pcretest(1) — Linux manual page


PCRETEST(1)                General Commands Manual               PCRETEST(1)

NAME         top

       pcretest - a program for testing Perl-compatible regular expressions.

SYNOPSIS         top

       pcretest [options] [input file [output file]]

       pcretest was written as a test program for the PCRE regular
       expression library itself, but it can also be used for experimenting
       with regular expressions. This document describes the features of the
       test program; for details of the regular expressions themselves, see
       the pcrepattern documentation. For details of the PCRE library
       function calls and their options, see the pcreapi , pcre16 and pcre32

       The input for pcretest is a sequence of regular expression patterns
       and strings to be matched, as described below. The output shows the
       result of each match. Options on the command line and the patterns
       control PCRE options and exactly what is output.

       As PCRE has evolved, it has acquired many different features, and as
       a result, pcretest now has rather a lot of obscure options for
       testing every possible feature. Some of these options are
       specifically designed for use in conjunction with the test script and
       data files that are distributed as part of PCRE, and are unlikely to
       be of use otherwise. They are all documented here, but without much


       Input to pcretest is processed line by line, either by calling the C
       library's fgets() function, or via the libreadline library (see
       below). In Unix-like environments, fgets() treats any bytes other
       than newline as data characters. However, in some Windows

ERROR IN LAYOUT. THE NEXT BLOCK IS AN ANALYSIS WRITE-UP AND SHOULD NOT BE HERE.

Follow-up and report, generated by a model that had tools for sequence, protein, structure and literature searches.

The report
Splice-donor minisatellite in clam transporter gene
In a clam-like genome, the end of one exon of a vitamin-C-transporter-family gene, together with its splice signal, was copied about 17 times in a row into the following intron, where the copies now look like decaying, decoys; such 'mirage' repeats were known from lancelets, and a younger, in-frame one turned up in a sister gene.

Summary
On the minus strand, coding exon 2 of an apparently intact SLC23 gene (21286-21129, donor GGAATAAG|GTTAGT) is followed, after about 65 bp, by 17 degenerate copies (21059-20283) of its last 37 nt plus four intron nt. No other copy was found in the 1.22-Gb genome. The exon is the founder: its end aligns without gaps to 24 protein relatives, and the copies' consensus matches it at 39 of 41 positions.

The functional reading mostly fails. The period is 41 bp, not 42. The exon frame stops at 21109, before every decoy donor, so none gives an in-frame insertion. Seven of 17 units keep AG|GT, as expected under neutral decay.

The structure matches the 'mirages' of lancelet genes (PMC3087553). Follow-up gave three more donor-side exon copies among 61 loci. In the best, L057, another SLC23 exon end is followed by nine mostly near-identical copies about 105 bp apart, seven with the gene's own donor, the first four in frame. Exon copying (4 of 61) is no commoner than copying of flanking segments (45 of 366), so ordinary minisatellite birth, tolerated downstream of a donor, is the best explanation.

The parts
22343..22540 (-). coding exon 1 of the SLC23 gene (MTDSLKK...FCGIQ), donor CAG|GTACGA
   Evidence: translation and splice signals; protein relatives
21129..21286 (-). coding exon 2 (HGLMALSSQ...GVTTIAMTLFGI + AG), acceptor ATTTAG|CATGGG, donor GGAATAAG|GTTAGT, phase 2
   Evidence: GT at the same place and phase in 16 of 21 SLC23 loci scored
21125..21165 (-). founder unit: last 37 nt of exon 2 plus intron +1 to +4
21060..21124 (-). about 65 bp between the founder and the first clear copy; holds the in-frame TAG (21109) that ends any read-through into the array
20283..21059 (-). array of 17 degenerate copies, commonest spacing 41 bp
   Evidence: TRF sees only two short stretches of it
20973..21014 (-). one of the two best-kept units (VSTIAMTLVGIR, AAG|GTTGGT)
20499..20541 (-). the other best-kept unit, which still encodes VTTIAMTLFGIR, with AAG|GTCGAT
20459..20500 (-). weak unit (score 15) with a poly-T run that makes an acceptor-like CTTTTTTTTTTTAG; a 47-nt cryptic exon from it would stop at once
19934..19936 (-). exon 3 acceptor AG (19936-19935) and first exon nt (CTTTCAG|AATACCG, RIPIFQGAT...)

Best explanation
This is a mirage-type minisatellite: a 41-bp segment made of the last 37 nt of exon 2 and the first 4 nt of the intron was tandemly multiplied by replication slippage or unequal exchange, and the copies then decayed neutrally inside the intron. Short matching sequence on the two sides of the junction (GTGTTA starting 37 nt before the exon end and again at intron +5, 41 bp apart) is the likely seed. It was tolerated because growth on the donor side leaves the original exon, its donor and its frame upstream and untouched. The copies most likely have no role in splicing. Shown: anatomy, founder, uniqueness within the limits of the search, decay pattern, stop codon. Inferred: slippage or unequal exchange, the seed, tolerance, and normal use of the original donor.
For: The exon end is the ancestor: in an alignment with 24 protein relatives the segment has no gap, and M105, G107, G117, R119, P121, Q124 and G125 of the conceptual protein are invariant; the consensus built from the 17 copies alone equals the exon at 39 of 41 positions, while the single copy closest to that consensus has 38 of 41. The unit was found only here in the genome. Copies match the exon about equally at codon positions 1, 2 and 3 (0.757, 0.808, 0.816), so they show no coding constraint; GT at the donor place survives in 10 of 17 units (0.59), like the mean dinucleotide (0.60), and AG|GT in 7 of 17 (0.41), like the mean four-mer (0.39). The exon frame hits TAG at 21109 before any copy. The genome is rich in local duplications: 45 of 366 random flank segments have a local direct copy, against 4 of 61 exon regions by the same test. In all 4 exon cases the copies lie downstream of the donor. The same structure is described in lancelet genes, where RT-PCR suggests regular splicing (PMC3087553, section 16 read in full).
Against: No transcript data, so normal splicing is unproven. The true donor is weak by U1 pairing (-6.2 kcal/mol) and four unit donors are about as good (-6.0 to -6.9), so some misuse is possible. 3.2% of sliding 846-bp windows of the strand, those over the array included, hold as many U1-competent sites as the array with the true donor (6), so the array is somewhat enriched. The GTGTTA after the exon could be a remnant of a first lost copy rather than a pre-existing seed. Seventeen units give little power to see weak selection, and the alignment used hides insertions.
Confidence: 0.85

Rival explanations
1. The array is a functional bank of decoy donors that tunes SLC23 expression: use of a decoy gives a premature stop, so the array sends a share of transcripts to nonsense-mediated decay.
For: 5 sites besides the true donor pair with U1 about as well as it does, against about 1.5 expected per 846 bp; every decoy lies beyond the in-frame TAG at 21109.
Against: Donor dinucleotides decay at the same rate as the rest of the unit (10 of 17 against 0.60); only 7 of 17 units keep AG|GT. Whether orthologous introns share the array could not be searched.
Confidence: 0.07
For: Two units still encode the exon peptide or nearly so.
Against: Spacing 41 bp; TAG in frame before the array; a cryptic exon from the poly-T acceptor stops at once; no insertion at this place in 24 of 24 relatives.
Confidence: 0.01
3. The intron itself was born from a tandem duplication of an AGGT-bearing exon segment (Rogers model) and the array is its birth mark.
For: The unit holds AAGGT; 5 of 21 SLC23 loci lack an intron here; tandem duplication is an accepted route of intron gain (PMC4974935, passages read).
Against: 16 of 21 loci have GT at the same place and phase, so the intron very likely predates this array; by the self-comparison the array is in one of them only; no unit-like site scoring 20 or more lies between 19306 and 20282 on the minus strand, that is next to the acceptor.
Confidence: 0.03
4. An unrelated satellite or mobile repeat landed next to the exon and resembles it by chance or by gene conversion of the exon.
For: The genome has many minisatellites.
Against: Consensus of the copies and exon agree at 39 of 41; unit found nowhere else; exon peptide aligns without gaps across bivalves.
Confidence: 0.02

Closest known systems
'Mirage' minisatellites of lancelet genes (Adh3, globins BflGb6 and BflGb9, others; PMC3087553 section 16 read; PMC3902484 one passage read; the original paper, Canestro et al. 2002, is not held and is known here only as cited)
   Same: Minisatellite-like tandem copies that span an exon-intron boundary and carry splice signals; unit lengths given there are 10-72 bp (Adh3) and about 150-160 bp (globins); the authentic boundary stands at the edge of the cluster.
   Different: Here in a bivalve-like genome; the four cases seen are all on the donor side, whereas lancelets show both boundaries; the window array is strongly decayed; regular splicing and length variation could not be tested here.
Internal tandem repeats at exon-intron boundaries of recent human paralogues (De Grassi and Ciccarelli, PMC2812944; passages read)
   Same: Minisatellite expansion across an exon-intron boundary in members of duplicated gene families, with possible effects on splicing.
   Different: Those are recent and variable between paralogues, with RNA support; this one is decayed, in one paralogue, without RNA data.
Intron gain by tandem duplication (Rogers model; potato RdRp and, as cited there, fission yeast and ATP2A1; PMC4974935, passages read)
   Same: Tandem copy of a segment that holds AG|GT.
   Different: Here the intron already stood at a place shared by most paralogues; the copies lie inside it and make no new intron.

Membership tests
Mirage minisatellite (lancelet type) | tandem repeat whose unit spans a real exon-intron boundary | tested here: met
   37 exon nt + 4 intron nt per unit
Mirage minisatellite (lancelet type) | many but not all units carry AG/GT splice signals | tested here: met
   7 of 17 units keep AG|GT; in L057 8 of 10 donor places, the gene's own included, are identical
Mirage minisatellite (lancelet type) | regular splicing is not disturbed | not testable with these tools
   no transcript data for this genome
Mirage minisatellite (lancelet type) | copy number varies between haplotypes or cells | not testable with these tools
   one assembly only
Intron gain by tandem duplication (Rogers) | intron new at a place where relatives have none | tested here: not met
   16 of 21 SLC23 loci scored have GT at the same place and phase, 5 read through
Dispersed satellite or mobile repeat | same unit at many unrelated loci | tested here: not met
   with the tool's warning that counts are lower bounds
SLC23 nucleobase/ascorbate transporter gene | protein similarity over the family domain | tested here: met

environments character 26 (hex 1A) causes an immediate end of file,
       and no further data is read. For maximum portability, therefore, it
       is safest to use only ASCII characters in pcretest input files.

       The input is processed using using C's string functions, so must not
       contain binary zeroes, even though in Unix-like environments, fgets()
       treats any bytes other than newline as data characters.

PCRE's 8-BIT, 16-BIT AND 32-BIT LIBRARIES         top

       From release 8.30, two separate PCRE libraries can be built. The
       original one supports 8-bit character strings, whereas the newer
       16-bit library supports character strings encoded in 16-bit units.
       From release 8.32, a third library can be built, supporting character
       strings encoded in 32-bit units. The pcretest program can be used to
       test all three libraries. However, it is itself still an 8-bit
       program, reading 8-bit input and writing 8-bit output.  When testing
       the 16-bit or 32-bit library, the patterns and data strings are
       converted to 16- or 32-bit format before being passed to the PCRE
       library functions. Results are converted to 8-bit for output.

       References to functions and structures of the form pcre[16|32]_xx
       below mean "pcre_xx when using the 8-bit library, pcre16_xx when
       using the 16-bit library, or pcre32_xx when using the 32-bit


       -8        If the 8-bit library has been built, this option causes it
                 to be used (this is the default). If the 8-bit library has
                 not been built, this option causes an error.

       -16       If the 16-bit library has been built, this option causes it
                 to be used. If only the 16-bit library has been built, this